Mais les vrais voyageurs sont ceux-là seuls qui partent
pour partir; coeurs légers, semblables aux ballons,
de leur fatalité jamais ils ne s’écartent,
et, sans savoir pourquoi, disent toujours: Allons! 

Father died four years ago, I am now fourteen; I am immortal and as reckless as they come.   The Commodore has anointed me, given me sole charge of a duck-egg green sailing boat in which to teach his red haired daughter the rudiments of seamanship, in return I have the run of it for the summer.

Today I have a quest, to sail single-handed as far as I dare over the horizon, something I cannot discuss with my Mother as it would terrify her; as of course it should me but I must learn to eat fear.   By now I have learned to accommodate her mild, ultimately futile injunctions, to take care and keep out of trouble, on the assumption that they do not extend to serious categories such as shipwreck and drowning. 

The name of the little vessel evades me as does the face of the Commodore’s daughter, a result of concussion probably, all I recall is setting off through the beach surf and heading out into the Channel.

The coast gradually melts into a meniscus of haze that forms the horizon, until at last I am, for the first time in my life, completely alone.  A disc of blue ocean in every direction, no compass, just the set of the swell and the prevailing wind to orientate me.  Above a hemisphere of blue, held aloft by a blue shimmer.

As the big swells roll under the hull the mast arcs across the sky, in a trance rhythm; one moment I am deep in sunlit reverie and the next, bang, the lights go out.  Time stops, everything stops.  Suspended in total darkness, no sound, no movement, I should have taken heed of my Mother before entering the afterlife.  In this new world do I breath air, or drink down lungfuls of seawater? Impossible to tell in this darkness of dreaming, nothing to see, nothing to feel, nothing, apart from a throbbing white light inside my head.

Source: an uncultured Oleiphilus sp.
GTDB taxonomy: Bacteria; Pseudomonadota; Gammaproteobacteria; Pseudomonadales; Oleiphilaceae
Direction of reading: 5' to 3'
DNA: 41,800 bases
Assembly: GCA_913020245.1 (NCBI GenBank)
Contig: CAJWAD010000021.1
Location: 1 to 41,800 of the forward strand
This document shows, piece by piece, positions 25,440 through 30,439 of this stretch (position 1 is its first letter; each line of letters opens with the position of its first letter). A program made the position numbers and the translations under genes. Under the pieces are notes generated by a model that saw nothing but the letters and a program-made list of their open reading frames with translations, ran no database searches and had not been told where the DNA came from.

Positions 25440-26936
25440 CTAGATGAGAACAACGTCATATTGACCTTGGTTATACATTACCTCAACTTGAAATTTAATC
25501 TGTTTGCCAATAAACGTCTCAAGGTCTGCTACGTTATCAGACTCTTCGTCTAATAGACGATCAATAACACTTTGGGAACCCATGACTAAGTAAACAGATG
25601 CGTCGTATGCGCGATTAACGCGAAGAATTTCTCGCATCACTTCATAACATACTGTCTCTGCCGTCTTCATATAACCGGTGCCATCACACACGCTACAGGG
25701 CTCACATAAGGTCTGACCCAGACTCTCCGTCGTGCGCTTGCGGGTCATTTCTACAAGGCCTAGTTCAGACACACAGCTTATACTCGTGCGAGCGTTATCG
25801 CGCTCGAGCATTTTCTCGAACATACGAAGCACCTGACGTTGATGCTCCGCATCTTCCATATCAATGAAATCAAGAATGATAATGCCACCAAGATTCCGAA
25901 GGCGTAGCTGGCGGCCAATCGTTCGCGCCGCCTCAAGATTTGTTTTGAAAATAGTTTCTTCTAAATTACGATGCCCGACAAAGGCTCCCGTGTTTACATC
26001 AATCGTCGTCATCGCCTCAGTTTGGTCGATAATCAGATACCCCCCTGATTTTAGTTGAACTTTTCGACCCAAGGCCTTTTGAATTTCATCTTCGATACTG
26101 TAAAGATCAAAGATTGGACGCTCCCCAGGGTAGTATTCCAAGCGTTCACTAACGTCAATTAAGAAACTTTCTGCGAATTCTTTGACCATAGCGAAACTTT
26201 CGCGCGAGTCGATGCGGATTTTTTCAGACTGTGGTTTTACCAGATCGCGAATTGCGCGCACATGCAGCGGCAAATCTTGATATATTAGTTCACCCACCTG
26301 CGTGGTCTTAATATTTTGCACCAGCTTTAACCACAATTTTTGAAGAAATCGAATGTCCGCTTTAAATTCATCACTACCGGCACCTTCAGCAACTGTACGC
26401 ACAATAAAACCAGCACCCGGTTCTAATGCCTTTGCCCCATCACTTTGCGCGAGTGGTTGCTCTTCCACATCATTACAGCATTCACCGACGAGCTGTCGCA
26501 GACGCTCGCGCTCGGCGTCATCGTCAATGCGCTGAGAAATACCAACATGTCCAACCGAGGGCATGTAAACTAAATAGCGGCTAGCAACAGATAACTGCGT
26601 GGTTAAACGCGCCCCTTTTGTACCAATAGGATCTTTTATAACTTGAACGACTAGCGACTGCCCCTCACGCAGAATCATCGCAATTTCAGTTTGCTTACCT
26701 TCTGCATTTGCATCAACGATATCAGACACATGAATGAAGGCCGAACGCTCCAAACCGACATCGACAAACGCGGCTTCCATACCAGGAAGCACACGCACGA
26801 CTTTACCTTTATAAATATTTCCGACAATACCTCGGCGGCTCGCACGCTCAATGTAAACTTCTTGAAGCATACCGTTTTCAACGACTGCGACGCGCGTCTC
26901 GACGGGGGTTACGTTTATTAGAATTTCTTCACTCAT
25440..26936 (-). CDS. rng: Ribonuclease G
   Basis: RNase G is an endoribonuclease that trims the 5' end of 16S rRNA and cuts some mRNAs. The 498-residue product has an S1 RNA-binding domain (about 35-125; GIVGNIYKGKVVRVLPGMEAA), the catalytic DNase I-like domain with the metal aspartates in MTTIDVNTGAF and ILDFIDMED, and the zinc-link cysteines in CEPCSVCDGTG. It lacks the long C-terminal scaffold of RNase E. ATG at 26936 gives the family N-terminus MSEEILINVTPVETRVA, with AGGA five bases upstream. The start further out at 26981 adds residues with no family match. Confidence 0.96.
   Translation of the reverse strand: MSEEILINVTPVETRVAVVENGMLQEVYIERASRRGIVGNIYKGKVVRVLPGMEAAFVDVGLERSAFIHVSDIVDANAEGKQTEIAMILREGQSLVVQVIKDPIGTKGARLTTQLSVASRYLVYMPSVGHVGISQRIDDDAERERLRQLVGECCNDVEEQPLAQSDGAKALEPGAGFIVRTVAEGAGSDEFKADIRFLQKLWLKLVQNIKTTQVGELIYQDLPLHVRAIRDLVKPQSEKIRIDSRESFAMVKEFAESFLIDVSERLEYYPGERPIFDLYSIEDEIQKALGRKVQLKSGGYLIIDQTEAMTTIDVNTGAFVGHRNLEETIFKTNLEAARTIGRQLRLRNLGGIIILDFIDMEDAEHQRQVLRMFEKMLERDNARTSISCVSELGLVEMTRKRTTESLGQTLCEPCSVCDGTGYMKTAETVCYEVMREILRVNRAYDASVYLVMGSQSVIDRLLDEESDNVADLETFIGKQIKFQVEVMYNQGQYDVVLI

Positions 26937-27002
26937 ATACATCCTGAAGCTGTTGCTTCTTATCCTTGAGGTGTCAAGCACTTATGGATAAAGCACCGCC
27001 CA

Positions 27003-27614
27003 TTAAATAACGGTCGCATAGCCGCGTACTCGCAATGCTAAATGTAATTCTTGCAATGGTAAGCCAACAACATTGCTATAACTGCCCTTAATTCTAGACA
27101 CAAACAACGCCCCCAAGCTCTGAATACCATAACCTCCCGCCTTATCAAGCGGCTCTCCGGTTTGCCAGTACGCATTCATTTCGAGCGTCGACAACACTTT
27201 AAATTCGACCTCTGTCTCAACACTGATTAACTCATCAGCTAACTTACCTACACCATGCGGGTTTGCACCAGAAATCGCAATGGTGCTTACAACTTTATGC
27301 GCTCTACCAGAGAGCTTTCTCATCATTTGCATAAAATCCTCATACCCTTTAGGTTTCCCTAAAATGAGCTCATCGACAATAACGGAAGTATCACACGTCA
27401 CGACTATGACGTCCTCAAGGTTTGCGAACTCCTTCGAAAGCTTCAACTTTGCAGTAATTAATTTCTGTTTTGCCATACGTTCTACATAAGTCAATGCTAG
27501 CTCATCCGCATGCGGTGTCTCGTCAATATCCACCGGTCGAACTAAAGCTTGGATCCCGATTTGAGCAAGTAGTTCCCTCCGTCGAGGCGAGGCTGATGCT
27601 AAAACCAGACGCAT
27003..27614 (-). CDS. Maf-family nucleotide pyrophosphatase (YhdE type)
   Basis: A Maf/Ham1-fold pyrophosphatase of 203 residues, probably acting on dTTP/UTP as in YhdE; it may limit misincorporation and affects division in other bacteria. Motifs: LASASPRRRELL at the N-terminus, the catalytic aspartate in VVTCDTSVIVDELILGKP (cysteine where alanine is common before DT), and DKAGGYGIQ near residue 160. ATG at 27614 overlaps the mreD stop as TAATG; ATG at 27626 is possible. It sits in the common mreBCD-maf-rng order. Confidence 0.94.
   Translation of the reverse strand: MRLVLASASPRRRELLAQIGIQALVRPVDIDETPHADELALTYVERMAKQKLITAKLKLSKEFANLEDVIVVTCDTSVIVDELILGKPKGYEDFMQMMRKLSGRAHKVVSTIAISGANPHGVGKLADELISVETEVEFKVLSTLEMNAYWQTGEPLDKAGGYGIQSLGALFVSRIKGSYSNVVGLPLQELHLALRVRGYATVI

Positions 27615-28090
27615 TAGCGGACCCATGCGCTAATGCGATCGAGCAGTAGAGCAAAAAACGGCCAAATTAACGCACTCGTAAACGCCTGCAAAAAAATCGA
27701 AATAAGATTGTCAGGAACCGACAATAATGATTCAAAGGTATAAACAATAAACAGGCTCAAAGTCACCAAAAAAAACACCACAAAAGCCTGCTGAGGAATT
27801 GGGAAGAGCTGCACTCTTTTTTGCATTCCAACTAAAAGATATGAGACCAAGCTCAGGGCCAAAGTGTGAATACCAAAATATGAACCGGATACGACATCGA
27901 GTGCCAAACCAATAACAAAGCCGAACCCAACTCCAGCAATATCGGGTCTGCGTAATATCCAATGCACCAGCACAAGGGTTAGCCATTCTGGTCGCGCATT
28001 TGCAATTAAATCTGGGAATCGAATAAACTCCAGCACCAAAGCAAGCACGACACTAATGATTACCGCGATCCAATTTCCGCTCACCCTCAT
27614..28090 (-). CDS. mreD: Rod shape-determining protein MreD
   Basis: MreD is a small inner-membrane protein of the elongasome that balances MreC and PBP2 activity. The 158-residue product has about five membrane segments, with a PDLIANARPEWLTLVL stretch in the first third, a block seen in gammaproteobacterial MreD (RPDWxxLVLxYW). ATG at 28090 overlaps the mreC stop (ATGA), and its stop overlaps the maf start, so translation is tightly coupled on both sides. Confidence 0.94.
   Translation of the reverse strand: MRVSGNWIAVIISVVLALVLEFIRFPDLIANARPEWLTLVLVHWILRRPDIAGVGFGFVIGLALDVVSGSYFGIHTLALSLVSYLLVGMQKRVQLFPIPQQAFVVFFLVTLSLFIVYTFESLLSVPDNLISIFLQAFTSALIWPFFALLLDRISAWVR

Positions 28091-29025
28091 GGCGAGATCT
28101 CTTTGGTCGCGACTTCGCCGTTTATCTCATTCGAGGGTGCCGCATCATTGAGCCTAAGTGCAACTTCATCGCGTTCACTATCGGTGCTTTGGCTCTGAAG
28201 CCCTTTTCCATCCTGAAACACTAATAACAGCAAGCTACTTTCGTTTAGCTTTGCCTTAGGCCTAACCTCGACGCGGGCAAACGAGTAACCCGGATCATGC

I drift but gradually sense a gentle rocking motion and hear the plash of water, my eyes begin to probe the murk and finally I understand that the shadowy forms emerging below me are my legs fading into the abyss.  Slowly, very slowly, it dawns on me; I am floating in a bubble of dark air trapped under the hull of the upturned vessel.  My bruised skull cushioned by the semi-inflated RAF Mae-West lifejacket that holds my mouth and nose just above water, a good investment it would appear!

Move the hands, flex the fingers, touch the face, reach out to feel around the inside of the cockpit, a strange sensation, performing an underwater inverted handstand.  There is of course only one thing to do, untangle the mess of lines and push out of the air pocket into the glare and dance of the surface.

There she wallows, centreboard skyward like a shark fin, the pale green hull glistening in the sunshine and the ghostly sail disappearing vertically below into the gloom.   Toes grip the gunwhale and arms heave on the slippery fin, a slow struggle, a head-throbbing, body-heaving struggle to right the craft.  Finally a slither onboard and lots of water to bail, wary, ever wary of that skull cracking boom.

Home to tell the tale?  No, simply home, with a nod and a smile.   Today for the first time, I have seen the world without land and I have had a preview of another world which will one day embrace me, but that is exactly the kind of thing that would terrify Mother.